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Interactive Map Shows Volatile Facilities Threatened by Hurricane Harvey
For decades, Houston has been home to an immense concentration of chemical and plastics plants, oil and gas refineries, Superfund sites, fossil fuel plants, and wastewater discharge treatment plants among others, threatening the surrounding communities. The overwhelming majority of these facilities were constructed in communities of color, only adding to the burden felt from this disaster. Now, in the wake of Hurricane Harvey, the threat posed by these facilities has been magnified.
This site will be updated as we learn of actual reported and confirmed instances of releases, spills or accidents.
"For as long as I can remember, my hometown of Houston has been littered with dangerous chemical plants, oil and gas refineries, and hazardous waste facilities," Bryan Parras, Sierra Club organizer, said. "These sites have caused devastation for my family, my friends, and my neighbors for years, polluting our air and water with deadly toxins. Hurricane Harvey didn't create the problem my community faces, but it has magnified it.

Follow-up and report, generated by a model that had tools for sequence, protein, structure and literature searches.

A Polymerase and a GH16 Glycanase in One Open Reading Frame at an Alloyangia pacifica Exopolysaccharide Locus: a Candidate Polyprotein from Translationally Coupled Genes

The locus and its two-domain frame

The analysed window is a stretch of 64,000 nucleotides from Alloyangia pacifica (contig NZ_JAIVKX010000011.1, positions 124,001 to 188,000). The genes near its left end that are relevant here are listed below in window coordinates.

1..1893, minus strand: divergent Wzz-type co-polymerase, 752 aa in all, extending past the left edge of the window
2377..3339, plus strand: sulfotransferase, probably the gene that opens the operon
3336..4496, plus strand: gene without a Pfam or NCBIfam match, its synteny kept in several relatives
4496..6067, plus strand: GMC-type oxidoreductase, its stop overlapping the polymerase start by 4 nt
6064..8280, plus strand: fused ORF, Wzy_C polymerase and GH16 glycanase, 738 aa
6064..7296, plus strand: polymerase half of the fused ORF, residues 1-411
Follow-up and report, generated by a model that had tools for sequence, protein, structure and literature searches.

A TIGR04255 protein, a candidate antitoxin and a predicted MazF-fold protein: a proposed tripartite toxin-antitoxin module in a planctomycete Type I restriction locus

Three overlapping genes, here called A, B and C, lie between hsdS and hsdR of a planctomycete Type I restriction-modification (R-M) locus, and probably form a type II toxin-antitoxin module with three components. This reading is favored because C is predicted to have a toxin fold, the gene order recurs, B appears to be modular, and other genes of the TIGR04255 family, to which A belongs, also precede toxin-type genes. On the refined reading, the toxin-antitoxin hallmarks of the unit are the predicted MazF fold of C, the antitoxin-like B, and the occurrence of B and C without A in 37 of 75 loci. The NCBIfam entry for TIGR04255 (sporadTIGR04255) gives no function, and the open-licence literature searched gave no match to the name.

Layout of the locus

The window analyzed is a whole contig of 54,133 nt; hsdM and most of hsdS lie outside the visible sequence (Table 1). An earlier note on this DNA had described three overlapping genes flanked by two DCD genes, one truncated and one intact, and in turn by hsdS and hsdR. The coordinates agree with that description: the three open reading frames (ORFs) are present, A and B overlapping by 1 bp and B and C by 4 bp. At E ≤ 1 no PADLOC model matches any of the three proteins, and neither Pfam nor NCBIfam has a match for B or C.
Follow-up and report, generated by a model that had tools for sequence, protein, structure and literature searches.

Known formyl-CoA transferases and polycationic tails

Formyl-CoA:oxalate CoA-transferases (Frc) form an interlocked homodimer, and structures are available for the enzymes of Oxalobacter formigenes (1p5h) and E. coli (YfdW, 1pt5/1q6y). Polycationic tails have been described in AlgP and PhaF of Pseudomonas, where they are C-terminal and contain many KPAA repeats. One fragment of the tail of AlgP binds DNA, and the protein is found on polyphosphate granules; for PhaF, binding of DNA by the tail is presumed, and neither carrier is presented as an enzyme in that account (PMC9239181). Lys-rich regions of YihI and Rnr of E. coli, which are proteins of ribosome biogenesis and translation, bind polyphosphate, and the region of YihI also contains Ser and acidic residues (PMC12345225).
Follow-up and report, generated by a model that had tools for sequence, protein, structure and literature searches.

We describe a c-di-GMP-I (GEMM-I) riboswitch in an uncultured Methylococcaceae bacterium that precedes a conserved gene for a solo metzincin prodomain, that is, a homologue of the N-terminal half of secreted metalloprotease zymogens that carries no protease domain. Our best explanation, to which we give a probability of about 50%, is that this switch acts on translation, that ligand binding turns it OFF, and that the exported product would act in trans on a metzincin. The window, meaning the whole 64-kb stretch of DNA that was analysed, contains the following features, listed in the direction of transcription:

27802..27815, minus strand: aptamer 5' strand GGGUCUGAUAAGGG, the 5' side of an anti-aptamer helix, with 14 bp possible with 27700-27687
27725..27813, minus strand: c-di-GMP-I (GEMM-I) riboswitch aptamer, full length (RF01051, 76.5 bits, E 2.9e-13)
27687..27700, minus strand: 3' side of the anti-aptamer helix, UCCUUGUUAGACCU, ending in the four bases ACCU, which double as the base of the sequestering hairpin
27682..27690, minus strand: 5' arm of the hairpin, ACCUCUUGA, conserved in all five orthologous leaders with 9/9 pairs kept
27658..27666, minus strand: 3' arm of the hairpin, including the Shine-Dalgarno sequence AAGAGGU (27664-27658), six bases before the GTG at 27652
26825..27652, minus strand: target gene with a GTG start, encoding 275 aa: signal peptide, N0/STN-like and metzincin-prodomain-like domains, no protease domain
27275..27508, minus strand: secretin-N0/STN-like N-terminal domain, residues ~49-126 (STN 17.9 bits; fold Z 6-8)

"This map shows the world the threats we have lived with for years, and the environmental injustices we've been saddled with. The disastrous fire at Arkema this morning just goes to show the danger our community remains in for the days and weeks to come," Parras added. "As the clouds clear and the sun returns, and we begin to think about rebuilding, we must ensure that the recovery is just and equitable, and ensures communities are not displaced nor threatened by these toxic sites ever again, no matter the weather."
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Study: Native Americans Barely Impacted Landscape for 14,000 Years. Europeans Came and Changed Everything
There's a theory going around that Native Americans actively managed the land the lived on, using controlled burns to clear forests. It turns out that theory is wrong. New research shows that Native Americans barely altered the landscape at all. It was the Europeans who did that, as ZME Science reported.